Civil Society: Why Liberal Solutions Fail

COMMENTARY Civil Society

Civil Society: Why Liberal Solutions Fail

Sep 22nd, 1999 2 min read
Edwin J. Feulner, Ph.D.


Edwin J. Feulner is the founder and president of The Heritage Foundation.

The "compassionate conservatism" of Texas Gov. George W. Bush has provoked a variety of reactions from liberals, ranging from amusement to hostility. But a more sensible response might be one of pride. The need for such a phrase illustrates how successful liberals have been at painting conservatives as callous toward society's needy, even though their own approach to social problems is a proven failure.

Conservative success on other issues makes this caricature baffling. Year after year, polls show conservatives have earned the public's trust on everything from tax cuts to foreign policy to fiscal prudence. Yet on social issues liberals continue to hold the moral high ground they inherited from FDR's New Deal and LBJ's Great Society. What explains this appeal?

Perhaps liberals maintain their hold because the solution they propose is so simple: Give government enough money, and it can solve any problem. Take the 30-year effort to reverse urban decline. Billions of dollars have poured into the worst urban areas of Boston, Chicago, Detroit, Newark and on and on. "If there were any basis for liberals' faith in the power of big, bureaucratic programs to improve people's lives, we should see it in the form of prosperous, socially vibrant inner cities," former Sen. Dan Coats, R-Ind., and Sen. Spencer Abraham, R-Mich., wrote last year. "Unfortunately for urban Americans, no such evidence exists."

That's why the talk among current presidential candidates of evicting government from the charity business and letting private "faith-based" groups tackle America's social problems bodes well for the nation's future. The time-tested formula adopted by these groups-requiring those in need to reform their behavior in exchange for assistance-actually works.

Consider the success of Prison Fellowship, the world's largest prison ministry, established by Chuck Colson in 1974. Instead of ineffectual "anger management" classes, Colson and his staff immerse inmates in a program of prayer and Bible study that emphasizes the immorality of crime and why it is unjust. The result: markedly lower recidivism rates.

One New York study showed that former inmates who had gone through the program were three times less likely to be rearrested than non-participants. Similar results have been reported for Fellowship mentoring programs in Detroit and other cities. As criminologist John DiIulio of the University of Pennsylvania puts it: "I would challenge a group of researchers to show me something that works better."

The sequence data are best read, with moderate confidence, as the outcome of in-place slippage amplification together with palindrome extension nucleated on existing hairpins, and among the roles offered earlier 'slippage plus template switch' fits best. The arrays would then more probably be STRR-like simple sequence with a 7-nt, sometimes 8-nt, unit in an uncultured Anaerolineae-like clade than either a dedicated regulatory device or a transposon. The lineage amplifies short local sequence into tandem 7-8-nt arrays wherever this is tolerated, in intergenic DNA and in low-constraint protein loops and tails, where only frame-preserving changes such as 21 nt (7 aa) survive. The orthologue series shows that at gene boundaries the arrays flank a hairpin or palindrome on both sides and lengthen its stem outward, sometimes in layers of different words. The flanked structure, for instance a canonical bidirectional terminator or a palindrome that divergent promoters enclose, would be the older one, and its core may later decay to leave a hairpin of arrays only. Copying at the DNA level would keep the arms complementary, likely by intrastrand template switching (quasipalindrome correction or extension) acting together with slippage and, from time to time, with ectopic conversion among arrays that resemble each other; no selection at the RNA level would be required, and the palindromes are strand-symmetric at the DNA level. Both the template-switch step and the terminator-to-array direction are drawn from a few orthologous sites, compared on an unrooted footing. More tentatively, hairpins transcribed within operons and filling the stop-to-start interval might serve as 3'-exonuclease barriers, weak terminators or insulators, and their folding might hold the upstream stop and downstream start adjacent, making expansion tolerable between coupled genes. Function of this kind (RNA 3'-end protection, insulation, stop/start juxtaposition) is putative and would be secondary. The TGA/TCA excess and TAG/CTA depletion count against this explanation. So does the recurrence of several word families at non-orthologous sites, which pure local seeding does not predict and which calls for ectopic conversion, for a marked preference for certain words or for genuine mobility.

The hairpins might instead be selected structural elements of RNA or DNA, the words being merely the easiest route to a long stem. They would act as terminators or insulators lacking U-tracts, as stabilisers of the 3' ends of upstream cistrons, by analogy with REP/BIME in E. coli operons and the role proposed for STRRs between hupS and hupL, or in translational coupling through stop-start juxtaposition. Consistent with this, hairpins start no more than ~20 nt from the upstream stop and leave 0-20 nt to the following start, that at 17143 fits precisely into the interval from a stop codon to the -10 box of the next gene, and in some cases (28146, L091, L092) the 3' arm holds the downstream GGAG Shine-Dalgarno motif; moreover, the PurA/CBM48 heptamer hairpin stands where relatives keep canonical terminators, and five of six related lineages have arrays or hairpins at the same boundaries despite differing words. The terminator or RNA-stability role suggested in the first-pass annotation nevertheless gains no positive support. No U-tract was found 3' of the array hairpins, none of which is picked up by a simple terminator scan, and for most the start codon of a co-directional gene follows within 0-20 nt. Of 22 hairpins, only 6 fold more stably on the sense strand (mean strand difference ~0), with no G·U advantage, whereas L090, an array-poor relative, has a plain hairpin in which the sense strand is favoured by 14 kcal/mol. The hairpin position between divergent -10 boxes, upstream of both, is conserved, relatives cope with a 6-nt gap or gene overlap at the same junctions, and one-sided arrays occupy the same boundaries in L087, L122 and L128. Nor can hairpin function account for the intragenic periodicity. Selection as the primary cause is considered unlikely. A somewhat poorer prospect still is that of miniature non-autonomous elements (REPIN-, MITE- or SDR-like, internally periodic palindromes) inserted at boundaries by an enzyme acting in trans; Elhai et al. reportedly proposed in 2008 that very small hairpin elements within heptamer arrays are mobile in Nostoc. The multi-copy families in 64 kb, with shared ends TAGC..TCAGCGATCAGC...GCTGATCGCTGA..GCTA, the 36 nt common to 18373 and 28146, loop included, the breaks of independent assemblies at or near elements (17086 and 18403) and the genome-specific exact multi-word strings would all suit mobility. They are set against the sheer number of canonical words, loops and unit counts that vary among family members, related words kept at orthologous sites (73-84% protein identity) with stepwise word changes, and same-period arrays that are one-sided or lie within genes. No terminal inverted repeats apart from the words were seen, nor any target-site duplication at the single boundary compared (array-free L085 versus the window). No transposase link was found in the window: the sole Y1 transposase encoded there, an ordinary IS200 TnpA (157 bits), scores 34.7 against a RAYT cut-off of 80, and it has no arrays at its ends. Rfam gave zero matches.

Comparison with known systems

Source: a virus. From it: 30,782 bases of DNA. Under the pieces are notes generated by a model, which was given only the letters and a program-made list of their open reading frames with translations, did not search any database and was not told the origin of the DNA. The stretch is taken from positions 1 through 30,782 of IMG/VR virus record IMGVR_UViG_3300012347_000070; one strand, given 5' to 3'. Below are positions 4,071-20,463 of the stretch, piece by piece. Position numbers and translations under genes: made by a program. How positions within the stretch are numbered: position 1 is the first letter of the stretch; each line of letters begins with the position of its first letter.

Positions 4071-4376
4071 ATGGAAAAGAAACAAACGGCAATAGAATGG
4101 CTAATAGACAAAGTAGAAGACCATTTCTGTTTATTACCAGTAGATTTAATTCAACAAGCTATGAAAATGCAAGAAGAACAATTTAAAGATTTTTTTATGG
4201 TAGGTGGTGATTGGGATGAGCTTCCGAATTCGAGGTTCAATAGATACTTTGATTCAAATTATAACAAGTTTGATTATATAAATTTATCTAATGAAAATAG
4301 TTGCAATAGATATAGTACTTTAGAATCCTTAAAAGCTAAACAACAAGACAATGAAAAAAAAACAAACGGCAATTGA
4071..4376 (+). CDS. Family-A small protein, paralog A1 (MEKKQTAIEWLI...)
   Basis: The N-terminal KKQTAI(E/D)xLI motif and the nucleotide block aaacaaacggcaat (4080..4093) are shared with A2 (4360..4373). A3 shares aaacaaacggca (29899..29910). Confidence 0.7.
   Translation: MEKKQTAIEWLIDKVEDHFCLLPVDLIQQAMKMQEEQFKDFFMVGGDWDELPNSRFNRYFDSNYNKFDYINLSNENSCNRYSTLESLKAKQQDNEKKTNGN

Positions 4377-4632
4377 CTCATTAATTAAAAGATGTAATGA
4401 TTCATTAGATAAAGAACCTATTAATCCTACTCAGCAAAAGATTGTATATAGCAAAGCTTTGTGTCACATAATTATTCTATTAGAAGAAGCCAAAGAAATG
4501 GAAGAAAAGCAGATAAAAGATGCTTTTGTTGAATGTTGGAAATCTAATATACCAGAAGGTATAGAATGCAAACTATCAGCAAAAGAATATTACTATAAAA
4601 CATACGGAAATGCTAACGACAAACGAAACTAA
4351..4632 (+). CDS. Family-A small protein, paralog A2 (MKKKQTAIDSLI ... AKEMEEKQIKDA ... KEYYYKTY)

Faith-based and other charities are involved in more than just crime reduction. In Chicago, House of Hope, a shelter run by Sister Connie Driscoll, has helped hundreds of homeless women and their children since opening its doors in 1983. But the staff do not simply offer a bed and a hot meal. They provide job-training and teach "life skills"-all for a fraction of the cost of comparable government-run programs. More important, the program stresses personal responsibility and discipline, the lack of which is one of the main causes of homelessness, according to Sister Connie.

Which leads to the primary reason groups such as Prison Fellowship and House of Hope succeed where government fails-because they are free to treat our social maladies not as economic problems but as moral failings. Liberals may have good intentions, but they don't help the needy one bit by suggesting that social ills stem from economic inequality.

Liberals also do the American people a disservice by assuming that charity must be forced-that people won't give, so government must take the money. Yet the public has long supported groups-whether churches, religious charities or secular outfits such as the Boys' and Girls' Clubs of America-whose sole mission is to help other people. What bothers the left is that these programs create competition for government.

But as America's faith-based charities especially have shown, government cannot compete with groups willing to work on moral terms with the down-and-out. Indeed, government functions more properly in the role of partner. As historian Gertrude Himmelfarb has noted, "good government is the precondition, providing a safe place within which individuals, families, communities, churches and voluntary associations can effectively function." Liberals need to realize that civil society is best left to the true professionals

Edwin Feulner is president of The Heritage Foundation (, a Washington-based public policy research institute.

Distributed nationally on the Knight-Ridder Tribune Wire